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Summer Camps, Wilderness Programs,
There is a wide variety of outdoor programs including environmental education, conservation education, adventure education, wilderness therapy, adventure therapy, camping, and outdoor recreation.
There are nonprofit and for-profit outdoor programs, religious camps, programs run by national organizations, private camps, day camps, camps that run weekend sessions, residential programs that run for the entire summer, or long-term residential camps that offer wilderness camping and adventure as therapy.
An important outcome is emotional growth whether or not it is intentionally built into the program structure. Outdoor programs have helped teens improve in
The goals of summer camps and other recreation programs are fun, enjoyment, and recreation. Through these goals, camp participants can learn social skills, become more socially comfortable, more open to trying new things, learn empathy and cooperation, and different ways of responding to new and challenging situations.
It is at camp where the underachieving teen suddenly takes a leadership role on an overnight hike; the shy child assumes the lead role in a dramatic production; a clumsy child learns she excels in art. All of these experiences build character and develop leadership skills.
Although parents will often see dramatic changes in their teen's attitude, behavior, and motivation, summer camps are a good choice for teens who are not having major behavior problems. Fun activities, connecting with new peers and enjoying some structured independence are all benefits of summer camping for teens.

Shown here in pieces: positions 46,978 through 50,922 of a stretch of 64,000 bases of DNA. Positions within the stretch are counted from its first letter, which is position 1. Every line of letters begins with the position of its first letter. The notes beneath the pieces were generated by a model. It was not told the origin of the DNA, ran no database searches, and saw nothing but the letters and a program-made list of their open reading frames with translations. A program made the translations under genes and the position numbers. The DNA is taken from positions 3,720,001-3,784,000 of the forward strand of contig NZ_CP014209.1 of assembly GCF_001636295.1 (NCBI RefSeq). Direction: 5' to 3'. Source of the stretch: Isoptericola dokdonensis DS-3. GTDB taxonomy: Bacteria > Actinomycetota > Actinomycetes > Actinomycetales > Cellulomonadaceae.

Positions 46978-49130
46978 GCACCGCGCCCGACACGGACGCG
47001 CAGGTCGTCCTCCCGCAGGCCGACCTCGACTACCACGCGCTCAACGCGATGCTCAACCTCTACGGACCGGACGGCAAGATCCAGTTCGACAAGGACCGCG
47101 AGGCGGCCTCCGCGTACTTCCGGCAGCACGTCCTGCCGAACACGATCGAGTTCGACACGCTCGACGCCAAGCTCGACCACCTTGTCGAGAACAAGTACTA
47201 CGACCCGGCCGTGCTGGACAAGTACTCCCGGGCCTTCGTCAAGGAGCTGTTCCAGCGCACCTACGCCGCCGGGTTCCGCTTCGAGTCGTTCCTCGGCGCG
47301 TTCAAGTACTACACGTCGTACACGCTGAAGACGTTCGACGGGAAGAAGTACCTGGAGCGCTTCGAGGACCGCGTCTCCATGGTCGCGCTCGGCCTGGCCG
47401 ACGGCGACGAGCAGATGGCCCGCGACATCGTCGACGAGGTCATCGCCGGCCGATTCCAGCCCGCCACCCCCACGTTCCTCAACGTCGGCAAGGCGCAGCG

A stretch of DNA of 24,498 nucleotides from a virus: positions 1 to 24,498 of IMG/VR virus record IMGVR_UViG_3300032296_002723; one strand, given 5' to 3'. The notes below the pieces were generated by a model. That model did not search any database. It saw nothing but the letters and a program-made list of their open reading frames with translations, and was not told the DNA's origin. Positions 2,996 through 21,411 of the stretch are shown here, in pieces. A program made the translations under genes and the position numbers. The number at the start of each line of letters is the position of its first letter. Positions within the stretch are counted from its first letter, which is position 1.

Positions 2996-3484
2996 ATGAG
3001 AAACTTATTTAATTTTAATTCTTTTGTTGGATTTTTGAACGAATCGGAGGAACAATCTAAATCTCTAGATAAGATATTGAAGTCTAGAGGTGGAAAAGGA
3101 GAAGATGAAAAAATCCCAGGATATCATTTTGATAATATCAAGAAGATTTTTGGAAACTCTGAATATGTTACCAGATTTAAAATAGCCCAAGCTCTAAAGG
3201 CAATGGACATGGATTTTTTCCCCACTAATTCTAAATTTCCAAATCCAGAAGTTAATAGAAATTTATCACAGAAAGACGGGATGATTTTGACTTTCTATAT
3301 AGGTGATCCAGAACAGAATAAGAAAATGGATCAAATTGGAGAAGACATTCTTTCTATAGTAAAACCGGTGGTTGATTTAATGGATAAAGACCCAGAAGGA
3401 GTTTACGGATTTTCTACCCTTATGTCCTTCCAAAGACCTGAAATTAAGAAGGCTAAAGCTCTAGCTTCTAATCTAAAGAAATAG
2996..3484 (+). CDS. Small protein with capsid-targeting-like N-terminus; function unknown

Special needs camps can positively affect teens with issues such as ADHD, Asperger Syndrome, obesity, learning differences, or behavioral problems. By nature of their focus, there is usually more emphasis on staff training and support. Administrative staff will have a background in the field and counselors will either be professionals or college students aspiring to work in the helping professions.
A summer camp is a good choice for teens
Wilderness programs are not designed as therapy, but are intended to have a positive impact on emotional growth, character development, and general psychological well-being. The challenges faced in the outdoors bring about a greater understanding of self, others, and the natural world.
Many wilderness programs incorporate an element of perceived risk which encourages teens to move beyond their comfort zones and face their issues and fears. Moving out of the usual environment helps to reduce defensiveness and change relationships with adult leaders.
Wilderness programs are also relatively free from external forces -- peers, school, family, TV, other societal influences -- and so provide the opportunity to explore new responses and develop new patterns of thought and behavior.
These programs provide teens an opportunity to go beyond their self-imposed limitations. Groups engage in a series of activities that promote individual abilities, teamwork, good communication, and leadership skills. Individual and group success is achieved through peer support and encouragement, not physical strength. There is no place for blame, denial, excuses, and other defense mechanisms.
Most wilderness programs use a small-group format and encourage interdependence and cooperation among group members. In expedition programs, where teens and counselors venture out into natural settings for extended periods of time, the 24-hour-a-day group experience becomes very powerful.